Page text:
White Oak Complements All Design Styles
White Oak’s light brown heartwood subtly contrasts with its blond–to-white sapwood, lending a breezy, clean feeling to any room. Many homeowners prefer this hardwood unstained, with only a clear coat to protect it from damage, but it also holds stain well and can be tinted a darker hue. The versatility of this popular and inexpensive hardwood complements any design style.
Even if you don’t have White Oak floors, you may have White Oak throughout your home. This wood has been a favorite among cabinetmakers and homebuilders for centuries, and it’s often used for trim, stairs and banisters. For generations, most bourbon distillers have been using White Oak casks to age their product, because of the hardwood’s malleability and durability. White Oak also contains microscopic tissues that are a natural wood sealant, keeping bourbon from seeping out of barrels. Those same properties make White Oak flooring resistant to water damage, which is why it’s a perfect hardwood for kitchens.
Here are some things you should know about White Oak flooring:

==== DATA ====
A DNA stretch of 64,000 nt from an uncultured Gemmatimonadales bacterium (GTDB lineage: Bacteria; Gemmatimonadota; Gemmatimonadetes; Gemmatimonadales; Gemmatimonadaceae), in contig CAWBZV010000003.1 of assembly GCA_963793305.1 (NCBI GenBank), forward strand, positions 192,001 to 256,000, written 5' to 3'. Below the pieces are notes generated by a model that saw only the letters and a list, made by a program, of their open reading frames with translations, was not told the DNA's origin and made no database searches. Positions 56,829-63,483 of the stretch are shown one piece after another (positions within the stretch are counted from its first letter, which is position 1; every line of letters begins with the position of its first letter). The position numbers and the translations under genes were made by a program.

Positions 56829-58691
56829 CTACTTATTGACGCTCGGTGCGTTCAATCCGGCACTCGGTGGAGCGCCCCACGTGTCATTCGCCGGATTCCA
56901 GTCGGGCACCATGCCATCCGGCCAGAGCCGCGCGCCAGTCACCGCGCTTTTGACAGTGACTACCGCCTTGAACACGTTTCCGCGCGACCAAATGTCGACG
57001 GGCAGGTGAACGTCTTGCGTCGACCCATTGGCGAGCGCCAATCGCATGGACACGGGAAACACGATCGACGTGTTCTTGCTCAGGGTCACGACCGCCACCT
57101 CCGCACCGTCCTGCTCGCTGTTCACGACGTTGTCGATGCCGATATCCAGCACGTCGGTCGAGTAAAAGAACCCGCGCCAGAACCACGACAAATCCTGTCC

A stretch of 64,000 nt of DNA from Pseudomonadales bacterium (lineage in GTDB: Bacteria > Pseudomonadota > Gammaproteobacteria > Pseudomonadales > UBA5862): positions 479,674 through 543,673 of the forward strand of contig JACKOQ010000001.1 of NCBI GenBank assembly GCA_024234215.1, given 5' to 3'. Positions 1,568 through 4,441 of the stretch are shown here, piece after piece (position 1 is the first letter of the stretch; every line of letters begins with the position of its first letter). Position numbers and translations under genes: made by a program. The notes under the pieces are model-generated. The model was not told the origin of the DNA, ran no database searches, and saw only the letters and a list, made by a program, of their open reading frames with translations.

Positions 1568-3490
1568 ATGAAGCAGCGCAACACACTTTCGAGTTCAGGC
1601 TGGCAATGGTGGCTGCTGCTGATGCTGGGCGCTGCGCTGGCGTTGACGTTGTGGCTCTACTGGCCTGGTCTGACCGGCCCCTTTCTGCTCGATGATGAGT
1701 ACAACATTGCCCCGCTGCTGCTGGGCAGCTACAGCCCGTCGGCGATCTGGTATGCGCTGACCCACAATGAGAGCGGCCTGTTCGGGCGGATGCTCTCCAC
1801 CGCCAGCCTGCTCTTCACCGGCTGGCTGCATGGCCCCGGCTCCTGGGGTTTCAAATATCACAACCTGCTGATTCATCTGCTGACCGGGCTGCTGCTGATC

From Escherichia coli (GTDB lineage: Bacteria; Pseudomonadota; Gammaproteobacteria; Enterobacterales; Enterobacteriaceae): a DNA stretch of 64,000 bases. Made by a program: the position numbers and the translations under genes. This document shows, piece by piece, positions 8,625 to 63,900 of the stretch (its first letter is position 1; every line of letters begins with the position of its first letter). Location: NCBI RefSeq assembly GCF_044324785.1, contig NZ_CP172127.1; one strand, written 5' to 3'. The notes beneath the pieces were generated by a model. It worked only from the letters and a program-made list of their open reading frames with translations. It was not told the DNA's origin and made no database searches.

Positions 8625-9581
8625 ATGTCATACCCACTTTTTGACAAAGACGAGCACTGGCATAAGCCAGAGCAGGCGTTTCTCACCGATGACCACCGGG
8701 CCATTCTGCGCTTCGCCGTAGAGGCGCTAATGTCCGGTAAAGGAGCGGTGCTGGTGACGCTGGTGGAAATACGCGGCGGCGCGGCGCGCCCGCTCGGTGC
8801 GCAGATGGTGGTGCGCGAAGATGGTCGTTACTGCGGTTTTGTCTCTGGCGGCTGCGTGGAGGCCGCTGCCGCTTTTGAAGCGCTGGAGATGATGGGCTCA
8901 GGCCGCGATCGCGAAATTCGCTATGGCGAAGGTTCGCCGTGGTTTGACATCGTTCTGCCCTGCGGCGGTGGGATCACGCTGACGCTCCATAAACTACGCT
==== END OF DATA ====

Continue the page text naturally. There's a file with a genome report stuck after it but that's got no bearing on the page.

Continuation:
Name: White Oak’s scientific name is Quercus alba. The Quercus genus contains many species of oak found throughout the United States.
Origins: The White Oak grows primarily in eastern U.S., from New England to the Gulf Coast.
Janka Hardness Rating: With a Janka Hardness rating of 1360 out of 4000, the White Oak species is in the medium range of American hardwoods. The Janka Hardness scale is used to determine a hardwood’s resistance to dents, dings and scratches. The test, which uses a 2” x 2” x 6” piece of a wood specimen and a steel ball, determines how many pounds per square inch of force will make the steel ball embed halfway into the wood. That result leads to the wood’s Janka Hardness rating. Woods at the low end of the scale will show more evidence of dings compared to those at the top. However, woods at the very top of the Janka Hardness Scale could be too difficult to cut for home applications.
Installation: White Oak hardwood is water resistant, rot resistant and contains tannic acid, which repels insects. It’s generally easy to machine, takes screws and nails well and absorbs stain evenly. The White Oak grows at a slow to medium rate, and wood from slower-growing trees may be easier to machine.